BEE by Lynn Crounse
by Gail Sulmers
In the summer, Sadie doesn't need money. She has her tent and sleeping bag, and she's never alone: she has her friends and companions, the bees. Sadie eats berries and mushrooms, and when she needs more than that, she sneaks into town, to the dumpster behind the grocery store where no one sees her in the bin, sorting apples and pears, unwanted because they aren't perfect. Sometimes she finds whole loaves of bread that crack sharply and melt on her tongue. The wastefulness of humans is sad and in the summer, food is easy to find. Sadie doesn't need money.
Her home is deep in the woods, at the edge of a clearing filled with bluebells and violets. The open field was once ugly and robbed of trees, but now it's covered with a blanket of clover. All the colors are brighter and the smells are sweeter because the summer before, Sadie fertilized it all with organic manure and lime. Her bees buzz about, enjoying their home.
This land used to belong to Indians. You can still hear chanting and dancing at night. Grandma Bella told her they have some Cherokee blood in them. Some grandfather once befriended The People. Some grandmother once lived here among these trees. Her brother, Roger, told her she made that up, but she didn't. Now it's too late to ask Grandma, because she's dead.
Sadie should have been the one to inherit The Land, but it went to Roger. She's the one who camped here every summer since she was a kid. Roger never even visited. Now he lives in New York, in a condominium he bought after he sold the timber. He can do whatever he wants to, because the land is his.
Two years ago, when Grandma died, Roger gave her a lot of money. That's when she bought her first bee colony. She used to be afraid of bees, because she's allergic to them. When she was a kid and got stung, they had to take her to the hospital, so when she bought the bees, she also bought a mask and hat and gloves. She put that first colony where there weren't any flowers and it broke her heart when all the bees died.
That was the summer that her brother murdered the trees. He cut his timber deep in the woods where he thought no one would notice, because even he was ashamed of what he was doing. Sweaty men in trucks came and for weeks the woods were filled with the shrieks of the dying. When they were done this clearing was a muddy scar and Sadie cried and then nursed it back to health. She planted flowers that bees love over the graves of all those maples and poplars. Then she bought a second colony of bees. Then she started living in the woods.
In the beginning she carried an EpiPen with her all the time, so if she got stung she could give herself a shot. She laughs when she remembers that EpiPen. Her bees love her and would never hurt her.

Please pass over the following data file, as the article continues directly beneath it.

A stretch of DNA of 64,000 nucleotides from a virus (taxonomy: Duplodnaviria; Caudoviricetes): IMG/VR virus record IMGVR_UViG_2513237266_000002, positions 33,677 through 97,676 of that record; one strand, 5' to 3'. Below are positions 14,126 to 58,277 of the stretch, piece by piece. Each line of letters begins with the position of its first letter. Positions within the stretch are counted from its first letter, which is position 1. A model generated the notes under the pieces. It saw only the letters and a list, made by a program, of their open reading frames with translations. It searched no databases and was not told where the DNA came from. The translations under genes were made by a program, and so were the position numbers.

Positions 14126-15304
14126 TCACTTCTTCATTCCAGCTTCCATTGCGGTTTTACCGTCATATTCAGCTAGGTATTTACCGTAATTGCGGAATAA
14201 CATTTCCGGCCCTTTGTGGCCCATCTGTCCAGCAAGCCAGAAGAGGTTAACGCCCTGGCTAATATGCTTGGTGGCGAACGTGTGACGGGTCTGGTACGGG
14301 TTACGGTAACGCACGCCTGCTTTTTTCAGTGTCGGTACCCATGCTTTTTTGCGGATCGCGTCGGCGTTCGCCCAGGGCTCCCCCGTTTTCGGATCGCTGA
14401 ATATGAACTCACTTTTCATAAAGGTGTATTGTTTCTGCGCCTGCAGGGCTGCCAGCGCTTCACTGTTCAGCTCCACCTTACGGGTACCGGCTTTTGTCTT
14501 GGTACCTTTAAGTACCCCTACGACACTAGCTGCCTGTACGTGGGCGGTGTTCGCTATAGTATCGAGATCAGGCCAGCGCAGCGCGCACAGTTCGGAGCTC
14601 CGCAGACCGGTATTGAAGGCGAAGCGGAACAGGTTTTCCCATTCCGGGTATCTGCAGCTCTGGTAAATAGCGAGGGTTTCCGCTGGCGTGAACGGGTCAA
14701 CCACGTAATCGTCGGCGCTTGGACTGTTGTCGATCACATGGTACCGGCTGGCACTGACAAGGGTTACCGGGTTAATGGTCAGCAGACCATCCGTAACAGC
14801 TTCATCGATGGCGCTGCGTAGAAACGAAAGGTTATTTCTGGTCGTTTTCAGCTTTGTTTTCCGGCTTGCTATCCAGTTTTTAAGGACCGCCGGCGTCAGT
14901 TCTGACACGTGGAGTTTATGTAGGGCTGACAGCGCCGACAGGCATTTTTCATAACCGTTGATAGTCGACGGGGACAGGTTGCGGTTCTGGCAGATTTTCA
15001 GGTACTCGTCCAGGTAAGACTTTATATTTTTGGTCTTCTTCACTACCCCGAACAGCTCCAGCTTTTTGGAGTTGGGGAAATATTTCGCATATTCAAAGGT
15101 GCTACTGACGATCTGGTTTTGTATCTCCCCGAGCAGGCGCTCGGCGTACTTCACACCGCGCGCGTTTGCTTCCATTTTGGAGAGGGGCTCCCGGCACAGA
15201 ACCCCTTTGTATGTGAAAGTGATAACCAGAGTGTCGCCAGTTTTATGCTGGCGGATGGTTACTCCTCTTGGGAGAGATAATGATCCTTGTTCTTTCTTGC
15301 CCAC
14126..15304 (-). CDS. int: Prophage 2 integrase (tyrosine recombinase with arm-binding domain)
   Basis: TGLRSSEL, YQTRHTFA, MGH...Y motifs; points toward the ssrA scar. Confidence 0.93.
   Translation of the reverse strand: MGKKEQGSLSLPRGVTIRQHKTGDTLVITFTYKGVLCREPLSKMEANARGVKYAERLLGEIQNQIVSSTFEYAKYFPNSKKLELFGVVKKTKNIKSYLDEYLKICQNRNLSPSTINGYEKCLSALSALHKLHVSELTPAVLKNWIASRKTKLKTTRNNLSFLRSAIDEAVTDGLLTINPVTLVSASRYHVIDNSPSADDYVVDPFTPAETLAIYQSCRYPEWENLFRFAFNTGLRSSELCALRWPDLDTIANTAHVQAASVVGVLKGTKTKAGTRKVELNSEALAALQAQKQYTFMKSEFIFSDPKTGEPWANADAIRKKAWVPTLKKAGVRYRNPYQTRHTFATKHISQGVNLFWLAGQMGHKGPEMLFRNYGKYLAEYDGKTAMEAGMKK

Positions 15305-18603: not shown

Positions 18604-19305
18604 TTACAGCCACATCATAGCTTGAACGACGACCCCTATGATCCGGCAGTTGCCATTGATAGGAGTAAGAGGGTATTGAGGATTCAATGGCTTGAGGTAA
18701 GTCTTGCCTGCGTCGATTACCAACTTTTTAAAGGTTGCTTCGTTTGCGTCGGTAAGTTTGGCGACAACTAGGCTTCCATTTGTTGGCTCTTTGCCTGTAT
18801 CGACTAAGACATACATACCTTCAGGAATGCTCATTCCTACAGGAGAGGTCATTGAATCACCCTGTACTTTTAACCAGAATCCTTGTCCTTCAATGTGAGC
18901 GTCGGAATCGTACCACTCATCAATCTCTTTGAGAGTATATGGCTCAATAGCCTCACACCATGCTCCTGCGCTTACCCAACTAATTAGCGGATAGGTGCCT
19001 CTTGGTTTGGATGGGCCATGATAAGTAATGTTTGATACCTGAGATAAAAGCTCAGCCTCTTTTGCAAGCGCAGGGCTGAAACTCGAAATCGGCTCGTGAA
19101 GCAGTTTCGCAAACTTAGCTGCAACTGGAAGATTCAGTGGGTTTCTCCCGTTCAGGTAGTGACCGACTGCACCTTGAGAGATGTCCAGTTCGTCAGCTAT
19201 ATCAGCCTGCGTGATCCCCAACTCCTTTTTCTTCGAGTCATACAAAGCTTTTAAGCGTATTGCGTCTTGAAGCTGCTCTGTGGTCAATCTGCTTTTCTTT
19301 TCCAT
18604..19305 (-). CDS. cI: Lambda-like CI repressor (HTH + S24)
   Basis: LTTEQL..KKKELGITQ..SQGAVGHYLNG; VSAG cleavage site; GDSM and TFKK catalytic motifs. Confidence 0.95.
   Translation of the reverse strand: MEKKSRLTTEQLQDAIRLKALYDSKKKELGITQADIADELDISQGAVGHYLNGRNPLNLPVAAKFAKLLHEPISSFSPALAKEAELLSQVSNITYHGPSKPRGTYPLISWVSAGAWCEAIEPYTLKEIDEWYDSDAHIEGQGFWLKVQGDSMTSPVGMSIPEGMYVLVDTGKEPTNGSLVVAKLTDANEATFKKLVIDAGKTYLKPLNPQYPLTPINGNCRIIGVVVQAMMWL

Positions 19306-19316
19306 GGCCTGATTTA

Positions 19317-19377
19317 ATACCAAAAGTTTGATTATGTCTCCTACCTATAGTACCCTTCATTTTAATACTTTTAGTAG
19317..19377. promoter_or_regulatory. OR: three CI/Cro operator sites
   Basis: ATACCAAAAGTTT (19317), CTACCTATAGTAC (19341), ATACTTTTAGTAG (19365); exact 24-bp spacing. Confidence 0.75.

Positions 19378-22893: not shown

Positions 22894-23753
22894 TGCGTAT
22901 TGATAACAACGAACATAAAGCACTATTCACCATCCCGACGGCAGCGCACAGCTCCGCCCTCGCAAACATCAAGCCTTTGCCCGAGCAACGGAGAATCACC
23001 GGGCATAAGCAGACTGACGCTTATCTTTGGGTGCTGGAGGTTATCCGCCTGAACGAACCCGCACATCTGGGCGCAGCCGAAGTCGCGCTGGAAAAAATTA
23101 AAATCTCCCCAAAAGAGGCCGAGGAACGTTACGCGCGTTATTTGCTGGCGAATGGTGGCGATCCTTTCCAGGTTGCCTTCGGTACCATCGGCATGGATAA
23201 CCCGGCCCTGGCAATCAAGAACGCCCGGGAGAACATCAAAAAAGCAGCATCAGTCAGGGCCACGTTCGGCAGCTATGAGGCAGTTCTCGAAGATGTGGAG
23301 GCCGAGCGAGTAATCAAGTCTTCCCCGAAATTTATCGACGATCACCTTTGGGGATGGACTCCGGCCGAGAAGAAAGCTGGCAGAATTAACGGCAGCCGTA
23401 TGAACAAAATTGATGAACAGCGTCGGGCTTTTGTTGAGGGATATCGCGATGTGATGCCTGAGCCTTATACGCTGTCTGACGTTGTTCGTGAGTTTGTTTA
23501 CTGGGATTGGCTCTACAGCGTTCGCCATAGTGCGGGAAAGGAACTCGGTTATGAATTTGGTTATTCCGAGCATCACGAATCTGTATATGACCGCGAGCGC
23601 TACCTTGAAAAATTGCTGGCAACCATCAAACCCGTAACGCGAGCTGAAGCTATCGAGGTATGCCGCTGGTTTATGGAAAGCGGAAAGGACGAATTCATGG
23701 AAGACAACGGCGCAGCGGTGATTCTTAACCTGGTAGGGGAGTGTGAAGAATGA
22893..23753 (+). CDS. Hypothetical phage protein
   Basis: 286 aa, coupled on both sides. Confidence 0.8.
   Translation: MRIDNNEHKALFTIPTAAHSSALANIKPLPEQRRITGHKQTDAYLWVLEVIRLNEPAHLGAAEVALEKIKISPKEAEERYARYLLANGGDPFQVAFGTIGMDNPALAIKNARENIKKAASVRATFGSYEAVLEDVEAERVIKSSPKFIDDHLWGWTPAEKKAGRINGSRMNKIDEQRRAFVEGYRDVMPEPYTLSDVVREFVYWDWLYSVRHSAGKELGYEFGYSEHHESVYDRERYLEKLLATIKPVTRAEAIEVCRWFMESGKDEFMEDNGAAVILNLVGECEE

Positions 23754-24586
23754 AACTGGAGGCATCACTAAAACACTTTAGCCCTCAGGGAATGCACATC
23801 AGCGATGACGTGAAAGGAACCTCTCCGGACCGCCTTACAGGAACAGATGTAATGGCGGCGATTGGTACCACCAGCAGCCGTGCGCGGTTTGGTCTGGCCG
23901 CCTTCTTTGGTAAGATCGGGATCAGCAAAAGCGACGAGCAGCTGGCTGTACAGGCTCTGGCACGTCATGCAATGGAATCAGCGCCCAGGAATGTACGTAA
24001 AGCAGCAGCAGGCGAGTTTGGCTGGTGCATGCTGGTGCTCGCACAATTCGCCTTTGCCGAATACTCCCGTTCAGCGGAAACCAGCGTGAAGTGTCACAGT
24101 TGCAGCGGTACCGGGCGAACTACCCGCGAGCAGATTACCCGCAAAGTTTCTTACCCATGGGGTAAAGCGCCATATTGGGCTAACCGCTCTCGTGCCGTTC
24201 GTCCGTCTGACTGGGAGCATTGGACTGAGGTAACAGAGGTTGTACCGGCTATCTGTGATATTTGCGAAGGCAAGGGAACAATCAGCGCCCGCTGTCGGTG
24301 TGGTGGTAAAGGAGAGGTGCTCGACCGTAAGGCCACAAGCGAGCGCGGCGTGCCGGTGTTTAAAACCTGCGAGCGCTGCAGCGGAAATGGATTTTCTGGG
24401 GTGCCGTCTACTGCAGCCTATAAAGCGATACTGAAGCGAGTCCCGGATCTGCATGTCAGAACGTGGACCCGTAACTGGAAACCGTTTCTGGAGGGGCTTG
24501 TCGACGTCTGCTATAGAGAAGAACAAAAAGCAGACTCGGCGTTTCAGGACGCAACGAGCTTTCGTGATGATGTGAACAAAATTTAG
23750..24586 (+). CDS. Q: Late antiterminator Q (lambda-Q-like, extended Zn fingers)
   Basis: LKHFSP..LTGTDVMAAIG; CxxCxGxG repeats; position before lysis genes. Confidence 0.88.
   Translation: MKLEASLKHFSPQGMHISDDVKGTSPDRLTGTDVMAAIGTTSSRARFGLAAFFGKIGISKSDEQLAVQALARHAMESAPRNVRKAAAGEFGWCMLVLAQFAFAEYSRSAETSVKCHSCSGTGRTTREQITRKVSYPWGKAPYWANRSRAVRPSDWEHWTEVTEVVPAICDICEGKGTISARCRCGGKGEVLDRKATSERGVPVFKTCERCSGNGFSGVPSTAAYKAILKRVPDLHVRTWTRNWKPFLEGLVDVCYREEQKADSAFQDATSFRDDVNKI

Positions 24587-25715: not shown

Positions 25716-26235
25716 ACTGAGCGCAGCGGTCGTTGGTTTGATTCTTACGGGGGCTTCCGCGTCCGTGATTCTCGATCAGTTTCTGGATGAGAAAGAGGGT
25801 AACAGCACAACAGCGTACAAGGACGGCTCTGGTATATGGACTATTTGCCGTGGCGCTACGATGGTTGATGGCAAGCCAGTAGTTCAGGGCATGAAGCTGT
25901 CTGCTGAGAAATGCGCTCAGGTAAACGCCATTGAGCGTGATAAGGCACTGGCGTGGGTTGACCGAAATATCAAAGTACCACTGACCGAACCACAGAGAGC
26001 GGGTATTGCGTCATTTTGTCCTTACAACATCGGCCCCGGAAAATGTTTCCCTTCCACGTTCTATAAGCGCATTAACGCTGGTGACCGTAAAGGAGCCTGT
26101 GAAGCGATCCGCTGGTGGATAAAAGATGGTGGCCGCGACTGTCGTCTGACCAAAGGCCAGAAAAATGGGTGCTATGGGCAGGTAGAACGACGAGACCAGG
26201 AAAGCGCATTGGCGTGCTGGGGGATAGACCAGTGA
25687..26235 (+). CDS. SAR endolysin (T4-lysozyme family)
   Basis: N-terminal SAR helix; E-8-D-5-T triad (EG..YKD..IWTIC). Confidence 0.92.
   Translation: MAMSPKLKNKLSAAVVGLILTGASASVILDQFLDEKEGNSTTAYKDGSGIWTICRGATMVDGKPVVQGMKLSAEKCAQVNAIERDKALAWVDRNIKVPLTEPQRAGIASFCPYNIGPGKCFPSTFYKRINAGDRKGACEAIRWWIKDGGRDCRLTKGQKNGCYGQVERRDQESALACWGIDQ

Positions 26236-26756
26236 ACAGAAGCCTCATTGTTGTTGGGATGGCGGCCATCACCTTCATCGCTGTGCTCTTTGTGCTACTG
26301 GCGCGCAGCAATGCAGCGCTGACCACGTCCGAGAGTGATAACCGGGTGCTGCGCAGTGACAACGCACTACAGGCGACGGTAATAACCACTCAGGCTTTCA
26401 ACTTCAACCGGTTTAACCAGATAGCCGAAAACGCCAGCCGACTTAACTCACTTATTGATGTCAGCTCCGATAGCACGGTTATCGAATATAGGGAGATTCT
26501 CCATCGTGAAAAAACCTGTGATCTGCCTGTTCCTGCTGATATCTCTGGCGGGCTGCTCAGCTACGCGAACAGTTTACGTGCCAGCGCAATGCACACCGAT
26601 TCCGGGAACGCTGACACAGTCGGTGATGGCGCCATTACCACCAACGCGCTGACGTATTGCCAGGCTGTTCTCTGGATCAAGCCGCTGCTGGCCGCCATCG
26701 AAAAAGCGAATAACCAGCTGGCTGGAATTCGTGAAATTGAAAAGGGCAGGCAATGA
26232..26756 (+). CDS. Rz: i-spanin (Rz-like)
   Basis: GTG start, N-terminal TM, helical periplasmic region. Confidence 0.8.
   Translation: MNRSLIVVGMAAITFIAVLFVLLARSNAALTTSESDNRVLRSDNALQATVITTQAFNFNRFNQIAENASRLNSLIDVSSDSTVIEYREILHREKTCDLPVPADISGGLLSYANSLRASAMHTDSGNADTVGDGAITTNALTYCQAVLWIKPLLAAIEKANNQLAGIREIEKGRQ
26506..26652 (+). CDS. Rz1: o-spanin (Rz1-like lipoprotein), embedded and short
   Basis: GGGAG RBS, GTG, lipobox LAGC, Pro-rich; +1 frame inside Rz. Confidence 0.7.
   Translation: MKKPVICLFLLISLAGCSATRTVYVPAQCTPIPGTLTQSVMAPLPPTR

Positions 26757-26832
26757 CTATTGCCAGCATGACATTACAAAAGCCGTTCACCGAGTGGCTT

Mornings now, there's ice on her tent, and last night she had the bad dream. She was in the hospital and a nurse was holding her down to give her a shot and telling her it was for her own good. Then everything started to smell like acid and she couldn't see. She woke up screaming, thinking she heard them coming, so she did the drill. She sat by the stream and breathed in, inhaling the Om. Then she breathed out all the bad thoughts, and did it again.
Last winter, when it snowed, she went into town. That didn't go well. Someone called the police just because she wasn't wearing shoes, and Roger came all the way from New York to put her in a hospital where they filled her with poison until they decided she was normal so she could go home. He said he did it because he loved her, and maybe he did, but now it isn't safe to let him know where she is. He wants to give her a place to stay and food and stuff, but he wants her to see a psychiatrist and take more poison.
Sadie sits under her tree in the shade, watching her best friend Gavinda as she samples the nectar of a flower. In the spring, all the bees looked alike, but now they are her friends and she speaks to them and they understand her.
Maybe she will come back as a bee. Given the choice, it would be right here, by this stream. At first, it's just a thought, but then it becomes more. Her bees look so happy. They have flowers and sunlight and they live so far back in the woods that it will be a long time before anyone is likely to disturb them. Surely they would welcome her. They would love her like she loves them and when winter comes she could live in the hive with all of her fellow bees, beating their wings only just enough to keep the queen warm until spring.
She reaches over to stroke the soft fuzz on Gavinda's back, and to feel the beating of her wings. The bee continues her work, collecting pollen.
"If you sting me, we will both die. Perhaps it is meant to be."
She closes her eyes and she feels her body start to swell, tingling as she grows a thick yellow fur coat. A knife seems to cleave her back as wings emerge. She opens her eyes, to soar up towards the light, but she is still sitting under the tree. Gavinda looks at her, and flies away.
"Perhaps it is not meant to be."
Sadie can feel her stomach rumbling, and she knows she is getting weak. She hasn't eaten in days.
Maybe she will go to the town tonight. Maybe.